So, you think it doesn't make sense to say that Christian Fundamentalists are more communist than the Communists?
Maybe in a metaphorical sense, but certainly not in a literal sense.
The Collins English dictionary.
That is only one dictionary.
So, letting somebody use your hammer while he/she is fixing your bed or your desk is somehow a bad thing?
What I meant by not getting somebody else to use your hammer as a means of production whilst profiting off of their labour was more along the lines of having a business where somebody uses that hammer to fix beds and desks and such whilst you earn the money that somebody else has produced with their labour. In that case, there is a parasite which is not needed. It doesn't really matter who the hammer belongs to. Worker ownership of the means of production refers more to workers being able to profit off of the labour that they produced.
Mere common ownership of land is bad for agriculture, it makes it hard to make harvests happen at the right time. That's why American Indians often suffered from famines, and that's how Thanksgiving got established.
I don't know to what extent that is true. However, I am not in favour of land being one of the first things to be brought under common ownership.
Why would people bother to vote, yet alone inform themselves before they vote? They realize the chance of their vote affecting the outcome is basically zero.
I'm not sure what you mean by this.
teo123 wrote:
Fri Aug 02, 2019 10:33 am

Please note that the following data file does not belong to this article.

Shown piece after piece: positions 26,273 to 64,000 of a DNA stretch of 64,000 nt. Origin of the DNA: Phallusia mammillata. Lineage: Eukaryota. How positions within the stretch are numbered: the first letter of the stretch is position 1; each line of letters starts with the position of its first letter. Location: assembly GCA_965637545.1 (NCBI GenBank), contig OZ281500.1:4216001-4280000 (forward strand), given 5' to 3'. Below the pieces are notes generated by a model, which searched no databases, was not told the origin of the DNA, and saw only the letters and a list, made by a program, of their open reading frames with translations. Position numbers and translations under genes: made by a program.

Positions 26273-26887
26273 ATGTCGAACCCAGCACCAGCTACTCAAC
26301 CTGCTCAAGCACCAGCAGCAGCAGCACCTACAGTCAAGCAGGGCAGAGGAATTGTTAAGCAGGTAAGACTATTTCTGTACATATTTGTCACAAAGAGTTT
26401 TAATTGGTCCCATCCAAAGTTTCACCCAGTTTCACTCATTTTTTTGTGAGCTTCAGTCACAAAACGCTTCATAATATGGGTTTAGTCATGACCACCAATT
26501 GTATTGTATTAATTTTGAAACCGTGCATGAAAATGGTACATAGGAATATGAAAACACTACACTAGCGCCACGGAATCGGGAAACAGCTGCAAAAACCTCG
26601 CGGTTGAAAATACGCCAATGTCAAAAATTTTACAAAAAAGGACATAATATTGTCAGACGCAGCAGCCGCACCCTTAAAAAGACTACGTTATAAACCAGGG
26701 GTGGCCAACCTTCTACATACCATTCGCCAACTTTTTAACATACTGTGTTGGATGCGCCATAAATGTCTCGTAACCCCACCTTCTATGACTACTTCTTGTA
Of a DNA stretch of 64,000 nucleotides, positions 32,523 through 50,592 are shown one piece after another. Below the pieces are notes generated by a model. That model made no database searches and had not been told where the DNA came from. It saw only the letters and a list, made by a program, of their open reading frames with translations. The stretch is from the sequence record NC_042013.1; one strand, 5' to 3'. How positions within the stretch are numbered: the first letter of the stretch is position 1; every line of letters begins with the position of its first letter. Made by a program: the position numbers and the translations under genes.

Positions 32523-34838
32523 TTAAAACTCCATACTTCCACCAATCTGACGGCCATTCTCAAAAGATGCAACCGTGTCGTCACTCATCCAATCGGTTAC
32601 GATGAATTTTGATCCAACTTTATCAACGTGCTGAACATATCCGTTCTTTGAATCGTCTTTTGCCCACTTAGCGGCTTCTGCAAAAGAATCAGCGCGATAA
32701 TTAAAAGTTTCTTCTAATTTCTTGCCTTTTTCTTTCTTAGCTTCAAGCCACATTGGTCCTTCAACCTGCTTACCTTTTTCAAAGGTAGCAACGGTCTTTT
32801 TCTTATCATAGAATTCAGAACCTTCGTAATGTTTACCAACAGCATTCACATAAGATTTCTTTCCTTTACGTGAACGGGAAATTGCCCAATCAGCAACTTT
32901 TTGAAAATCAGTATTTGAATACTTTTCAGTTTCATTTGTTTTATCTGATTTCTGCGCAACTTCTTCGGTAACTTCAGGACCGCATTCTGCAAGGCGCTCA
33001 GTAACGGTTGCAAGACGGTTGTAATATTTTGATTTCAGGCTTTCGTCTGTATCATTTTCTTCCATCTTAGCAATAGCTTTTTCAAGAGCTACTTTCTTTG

Honestly, @Zzzzzzzzzzzzzzzzzzzz, I've always hoped that socialism and support for Bernie Sanders and Alexandria Ocasio Cortez weren't the actual positions of many people.
I am not many people, so me supporting socialism, Bernie and AOC doesn't disprove that hope. That being said, many people are socialists and many people support Bernie and AOC.
I've thought they were misrepresentations of the beliefs of the Democratic party
I'm not an American, and thus not a Democrat, so I certainly can't have disproved that belief. As well as that, they are misrepresentations of the beliefs of some in the Democratic Party. Many try to make out that their beliefs are the same as those of centrist Democrats like Obama, Hillary, Pelosi and Biden when none of these people are socialists or even social democrats like Bernie and AOC.
(much like the trickle-down-economics is a misrepresentation of the beliefs of Republicans and libertarians),
I don't know why you think that.
Go try to sell your socialist propaganda to the people of Ukraine, you ignorant bigot! Or if, most likely, you are a liar and you know socialism doesn't work, then think of the consequences of your words and go fuck yourself!
I'm not sure why you decided to hide this message (for anyone wondering, if you quote teo's reply, this delightful gem can be seen). Honestly, I'm rather disappointed in you. I was going to give you points for at least being civil, but then you go and pull a stunt like that. I know that you're not well liked on this forum and now I can see why.

I hope that you now realise the full extent to which the consequences of words truly matter. @Cheers!

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Post by teo123 » Sat Aug 03, 2019 12:11 pm

Zzzzzzzzzzzzzzzzzzzz wrote:It certainly doesn't mean that Sanders holds the same ideology as Nicaragua.
Not all the parts of that ideology, but he agrees that people should be lining up for bread. Do I even need to explain why that's crazy? People, if they need to wait in long lines for basic products, they don't have time to work. And if people don't have time to work, there come shortages of the things they would otherwise produce.